Markus Gustafsson HAL 2012:30, pp. 21. HAL/Sektionen för hälsa, 2012.
Aims: This study aimed to investigate if a theory-based intervention could change and sustain RNs knowledge and attitudes concerning cancer pain and pain management, both four and 12 weeks after the start of the intervention.
Methods: A quasi-experimental design with non-equivalent control groups was utilised. Primary outcome was measured by a modified version of the instrument Nurses’ Knowledge and Attitudes Survey Regarding Pain at baseline, four weeks and 12 weeks after the start of the intervention to evaluate the intervention’s perseverance.
Intervention: The intervention’s educational curriculum was built upon the principles of Ajzen’s Theory of planned behaviour and consisted of interactive learning activities conducted in workshops that were grounded on evidence-based knowledge. The RNs own experiences from cancer pain management were used in the learning process.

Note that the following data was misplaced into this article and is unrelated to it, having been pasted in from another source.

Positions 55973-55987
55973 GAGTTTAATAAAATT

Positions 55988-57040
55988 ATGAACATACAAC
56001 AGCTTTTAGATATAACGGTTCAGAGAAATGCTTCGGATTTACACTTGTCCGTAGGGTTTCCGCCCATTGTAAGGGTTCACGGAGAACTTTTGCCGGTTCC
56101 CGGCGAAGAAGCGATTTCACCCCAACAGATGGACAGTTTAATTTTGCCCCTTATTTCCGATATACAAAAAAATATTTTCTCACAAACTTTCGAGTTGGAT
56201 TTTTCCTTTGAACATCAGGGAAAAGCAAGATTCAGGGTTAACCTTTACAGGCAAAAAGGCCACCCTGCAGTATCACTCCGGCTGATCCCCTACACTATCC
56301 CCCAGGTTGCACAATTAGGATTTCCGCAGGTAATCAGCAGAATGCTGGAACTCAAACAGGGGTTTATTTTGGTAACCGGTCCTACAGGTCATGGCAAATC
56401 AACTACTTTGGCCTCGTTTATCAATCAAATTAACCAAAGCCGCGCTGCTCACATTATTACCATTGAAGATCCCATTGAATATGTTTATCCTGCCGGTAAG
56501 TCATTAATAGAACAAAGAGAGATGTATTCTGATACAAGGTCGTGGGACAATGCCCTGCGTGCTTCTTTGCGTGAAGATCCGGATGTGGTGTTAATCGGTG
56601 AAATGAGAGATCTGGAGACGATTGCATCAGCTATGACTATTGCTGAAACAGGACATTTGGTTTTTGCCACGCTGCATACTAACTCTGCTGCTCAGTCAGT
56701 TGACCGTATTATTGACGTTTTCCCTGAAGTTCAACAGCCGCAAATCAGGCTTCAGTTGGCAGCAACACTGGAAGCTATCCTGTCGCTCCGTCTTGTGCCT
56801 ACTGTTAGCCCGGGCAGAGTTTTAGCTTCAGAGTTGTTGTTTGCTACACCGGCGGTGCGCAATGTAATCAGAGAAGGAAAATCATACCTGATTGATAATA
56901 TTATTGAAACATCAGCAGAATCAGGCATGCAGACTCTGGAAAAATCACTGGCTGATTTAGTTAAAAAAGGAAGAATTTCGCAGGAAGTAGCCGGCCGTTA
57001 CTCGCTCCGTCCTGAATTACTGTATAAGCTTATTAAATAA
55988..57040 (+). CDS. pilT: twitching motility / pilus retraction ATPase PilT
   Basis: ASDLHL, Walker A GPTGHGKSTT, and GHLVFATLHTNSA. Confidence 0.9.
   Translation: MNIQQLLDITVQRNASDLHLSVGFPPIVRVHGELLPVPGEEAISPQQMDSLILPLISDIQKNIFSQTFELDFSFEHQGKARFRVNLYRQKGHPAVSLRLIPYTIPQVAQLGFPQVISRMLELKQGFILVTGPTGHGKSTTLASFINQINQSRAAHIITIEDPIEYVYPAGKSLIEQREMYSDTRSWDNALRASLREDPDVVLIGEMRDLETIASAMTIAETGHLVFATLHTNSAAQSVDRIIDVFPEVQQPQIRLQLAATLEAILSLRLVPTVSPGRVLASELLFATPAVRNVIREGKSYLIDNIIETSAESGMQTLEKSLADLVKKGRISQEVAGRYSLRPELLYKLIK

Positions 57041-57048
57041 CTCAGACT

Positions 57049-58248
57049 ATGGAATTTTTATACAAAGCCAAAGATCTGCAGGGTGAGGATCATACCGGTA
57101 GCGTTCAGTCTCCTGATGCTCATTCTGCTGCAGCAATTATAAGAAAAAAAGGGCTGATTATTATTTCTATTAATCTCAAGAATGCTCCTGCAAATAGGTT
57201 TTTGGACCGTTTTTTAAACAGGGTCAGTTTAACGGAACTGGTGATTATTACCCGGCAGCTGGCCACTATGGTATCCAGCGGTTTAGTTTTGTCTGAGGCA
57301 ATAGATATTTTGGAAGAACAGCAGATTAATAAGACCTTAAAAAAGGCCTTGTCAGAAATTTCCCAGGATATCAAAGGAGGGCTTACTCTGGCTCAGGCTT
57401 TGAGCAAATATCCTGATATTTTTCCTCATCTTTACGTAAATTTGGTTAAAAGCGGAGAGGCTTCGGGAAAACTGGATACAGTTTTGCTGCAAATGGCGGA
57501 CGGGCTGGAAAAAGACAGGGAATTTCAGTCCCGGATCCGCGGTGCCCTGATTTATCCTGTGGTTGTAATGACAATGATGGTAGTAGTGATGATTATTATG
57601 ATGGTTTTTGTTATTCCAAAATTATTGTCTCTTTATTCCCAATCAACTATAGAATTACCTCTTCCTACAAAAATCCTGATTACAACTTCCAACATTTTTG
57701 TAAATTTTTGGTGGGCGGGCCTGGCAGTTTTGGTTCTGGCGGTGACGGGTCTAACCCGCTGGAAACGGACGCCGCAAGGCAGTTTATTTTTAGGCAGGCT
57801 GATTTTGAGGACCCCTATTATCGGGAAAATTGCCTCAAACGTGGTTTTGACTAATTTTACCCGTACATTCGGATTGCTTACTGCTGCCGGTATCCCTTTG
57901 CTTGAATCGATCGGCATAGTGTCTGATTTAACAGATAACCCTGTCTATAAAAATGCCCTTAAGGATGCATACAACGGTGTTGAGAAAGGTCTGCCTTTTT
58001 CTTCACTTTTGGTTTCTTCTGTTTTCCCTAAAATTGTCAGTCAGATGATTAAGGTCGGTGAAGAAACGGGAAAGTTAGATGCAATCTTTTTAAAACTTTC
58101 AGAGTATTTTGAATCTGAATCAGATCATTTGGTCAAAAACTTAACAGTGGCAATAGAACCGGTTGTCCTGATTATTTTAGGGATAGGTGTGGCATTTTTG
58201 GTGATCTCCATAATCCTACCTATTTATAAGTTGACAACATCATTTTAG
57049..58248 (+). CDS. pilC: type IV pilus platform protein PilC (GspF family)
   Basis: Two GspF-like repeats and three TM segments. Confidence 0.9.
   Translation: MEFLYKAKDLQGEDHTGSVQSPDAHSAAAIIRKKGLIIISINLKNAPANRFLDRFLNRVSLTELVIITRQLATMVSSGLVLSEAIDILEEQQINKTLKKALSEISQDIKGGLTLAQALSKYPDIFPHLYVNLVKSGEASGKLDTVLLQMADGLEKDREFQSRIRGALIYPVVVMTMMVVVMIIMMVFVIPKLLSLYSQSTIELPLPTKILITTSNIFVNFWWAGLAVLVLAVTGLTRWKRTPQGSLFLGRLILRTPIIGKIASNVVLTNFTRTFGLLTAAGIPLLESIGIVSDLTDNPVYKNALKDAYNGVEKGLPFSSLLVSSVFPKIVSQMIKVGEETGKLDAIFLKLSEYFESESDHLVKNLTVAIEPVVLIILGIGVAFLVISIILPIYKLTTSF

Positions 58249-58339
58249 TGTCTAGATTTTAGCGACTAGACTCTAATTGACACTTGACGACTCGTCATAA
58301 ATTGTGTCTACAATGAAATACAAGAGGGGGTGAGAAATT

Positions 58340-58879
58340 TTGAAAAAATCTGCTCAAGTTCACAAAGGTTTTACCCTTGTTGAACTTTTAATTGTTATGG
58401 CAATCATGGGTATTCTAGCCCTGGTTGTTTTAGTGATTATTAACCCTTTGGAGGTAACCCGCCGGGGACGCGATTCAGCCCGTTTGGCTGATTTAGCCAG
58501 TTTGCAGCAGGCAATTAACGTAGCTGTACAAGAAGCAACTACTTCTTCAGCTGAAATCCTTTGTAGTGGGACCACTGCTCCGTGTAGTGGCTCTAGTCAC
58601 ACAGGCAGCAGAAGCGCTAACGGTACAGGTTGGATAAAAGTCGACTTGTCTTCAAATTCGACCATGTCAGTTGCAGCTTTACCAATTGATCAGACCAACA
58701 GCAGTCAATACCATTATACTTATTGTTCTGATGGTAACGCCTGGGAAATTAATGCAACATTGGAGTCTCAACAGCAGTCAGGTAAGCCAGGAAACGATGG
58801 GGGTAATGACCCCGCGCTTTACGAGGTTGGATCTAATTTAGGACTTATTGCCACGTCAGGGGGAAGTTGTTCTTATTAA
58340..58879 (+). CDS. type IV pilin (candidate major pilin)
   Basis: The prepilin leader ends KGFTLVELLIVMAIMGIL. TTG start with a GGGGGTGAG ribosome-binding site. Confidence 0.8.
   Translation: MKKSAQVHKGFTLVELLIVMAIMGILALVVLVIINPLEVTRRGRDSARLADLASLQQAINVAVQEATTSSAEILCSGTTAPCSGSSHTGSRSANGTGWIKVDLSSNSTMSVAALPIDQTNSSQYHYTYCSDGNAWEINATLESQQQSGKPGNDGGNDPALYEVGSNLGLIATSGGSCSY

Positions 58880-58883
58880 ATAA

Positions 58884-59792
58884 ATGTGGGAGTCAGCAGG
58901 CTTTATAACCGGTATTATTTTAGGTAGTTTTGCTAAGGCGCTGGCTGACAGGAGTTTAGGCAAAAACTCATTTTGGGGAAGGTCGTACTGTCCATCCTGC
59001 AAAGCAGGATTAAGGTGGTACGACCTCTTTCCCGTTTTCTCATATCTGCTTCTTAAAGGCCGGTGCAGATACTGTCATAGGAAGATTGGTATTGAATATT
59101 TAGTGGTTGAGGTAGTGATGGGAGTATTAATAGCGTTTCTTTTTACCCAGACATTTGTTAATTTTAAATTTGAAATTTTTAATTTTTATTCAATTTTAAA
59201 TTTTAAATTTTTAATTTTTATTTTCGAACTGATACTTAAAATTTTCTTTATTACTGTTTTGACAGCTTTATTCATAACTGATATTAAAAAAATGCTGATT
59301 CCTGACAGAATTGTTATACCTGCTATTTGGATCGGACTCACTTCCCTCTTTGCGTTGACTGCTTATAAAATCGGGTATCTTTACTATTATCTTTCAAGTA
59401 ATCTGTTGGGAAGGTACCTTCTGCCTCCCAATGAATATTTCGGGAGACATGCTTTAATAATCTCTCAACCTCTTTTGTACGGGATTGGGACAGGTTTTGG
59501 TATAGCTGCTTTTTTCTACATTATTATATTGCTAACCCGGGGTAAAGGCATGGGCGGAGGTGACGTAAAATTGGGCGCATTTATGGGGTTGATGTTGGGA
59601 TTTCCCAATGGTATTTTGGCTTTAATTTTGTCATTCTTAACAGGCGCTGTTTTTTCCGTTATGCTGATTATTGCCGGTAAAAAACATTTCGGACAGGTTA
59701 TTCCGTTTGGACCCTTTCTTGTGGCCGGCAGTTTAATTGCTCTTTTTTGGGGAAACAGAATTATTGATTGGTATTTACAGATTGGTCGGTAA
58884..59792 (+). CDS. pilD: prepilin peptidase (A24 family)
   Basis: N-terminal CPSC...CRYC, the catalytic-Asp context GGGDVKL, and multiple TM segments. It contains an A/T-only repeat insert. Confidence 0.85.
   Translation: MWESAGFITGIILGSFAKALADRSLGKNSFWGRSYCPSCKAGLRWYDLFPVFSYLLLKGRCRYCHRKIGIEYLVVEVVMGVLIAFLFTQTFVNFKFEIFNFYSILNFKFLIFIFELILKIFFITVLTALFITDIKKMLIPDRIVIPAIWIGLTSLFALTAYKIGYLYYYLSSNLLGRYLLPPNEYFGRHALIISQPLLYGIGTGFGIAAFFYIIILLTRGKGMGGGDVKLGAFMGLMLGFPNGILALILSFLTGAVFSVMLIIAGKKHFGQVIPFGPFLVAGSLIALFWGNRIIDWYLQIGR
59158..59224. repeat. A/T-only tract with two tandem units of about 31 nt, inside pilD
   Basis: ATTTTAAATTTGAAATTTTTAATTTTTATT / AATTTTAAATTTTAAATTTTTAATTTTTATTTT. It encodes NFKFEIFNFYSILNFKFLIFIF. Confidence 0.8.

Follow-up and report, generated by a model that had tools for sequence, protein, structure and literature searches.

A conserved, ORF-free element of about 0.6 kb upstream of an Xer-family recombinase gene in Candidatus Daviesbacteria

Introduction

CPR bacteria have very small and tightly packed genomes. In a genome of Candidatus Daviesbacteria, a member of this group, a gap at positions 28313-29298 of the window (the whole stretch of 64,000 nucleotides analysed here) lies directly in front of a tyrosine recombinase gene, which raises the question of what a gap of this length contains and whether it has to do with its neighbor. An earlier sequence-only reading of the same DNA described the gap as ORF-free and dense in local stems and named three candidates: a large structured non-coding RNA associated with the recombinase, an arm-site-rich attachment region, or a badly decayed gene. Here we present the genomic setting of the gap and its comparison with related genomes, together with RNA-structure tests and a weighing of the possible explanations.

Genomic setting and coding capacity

Results: The effectiveness of the intervention to change RNs knowledge and attitudes regarding cancer pain management was measured by the primary outcome NKAS and displayed a statistical significant (p<0.05) improvement of the total mean score from baseline to 4 weeks at the intervention ward. Additionally, RNs on the intervention ward were found to rate the case study patient’s pain (Item 35) closer to the patient’s own perceived pain rating from baseline to 4 weeks with an increased mean value by 1.83 but not significant (p=0.069).
Conclusions: This study evaluated the effectiveness of a theory-based intervention focused at RNs. The findings indicated a positive change of the RNs’ knowledge and attitudes regarding cancer-related pain and pain management. However, this kind of theory-based intervention with interactive learning activities is scarcely researched and need to be further evaluated in larger projects.
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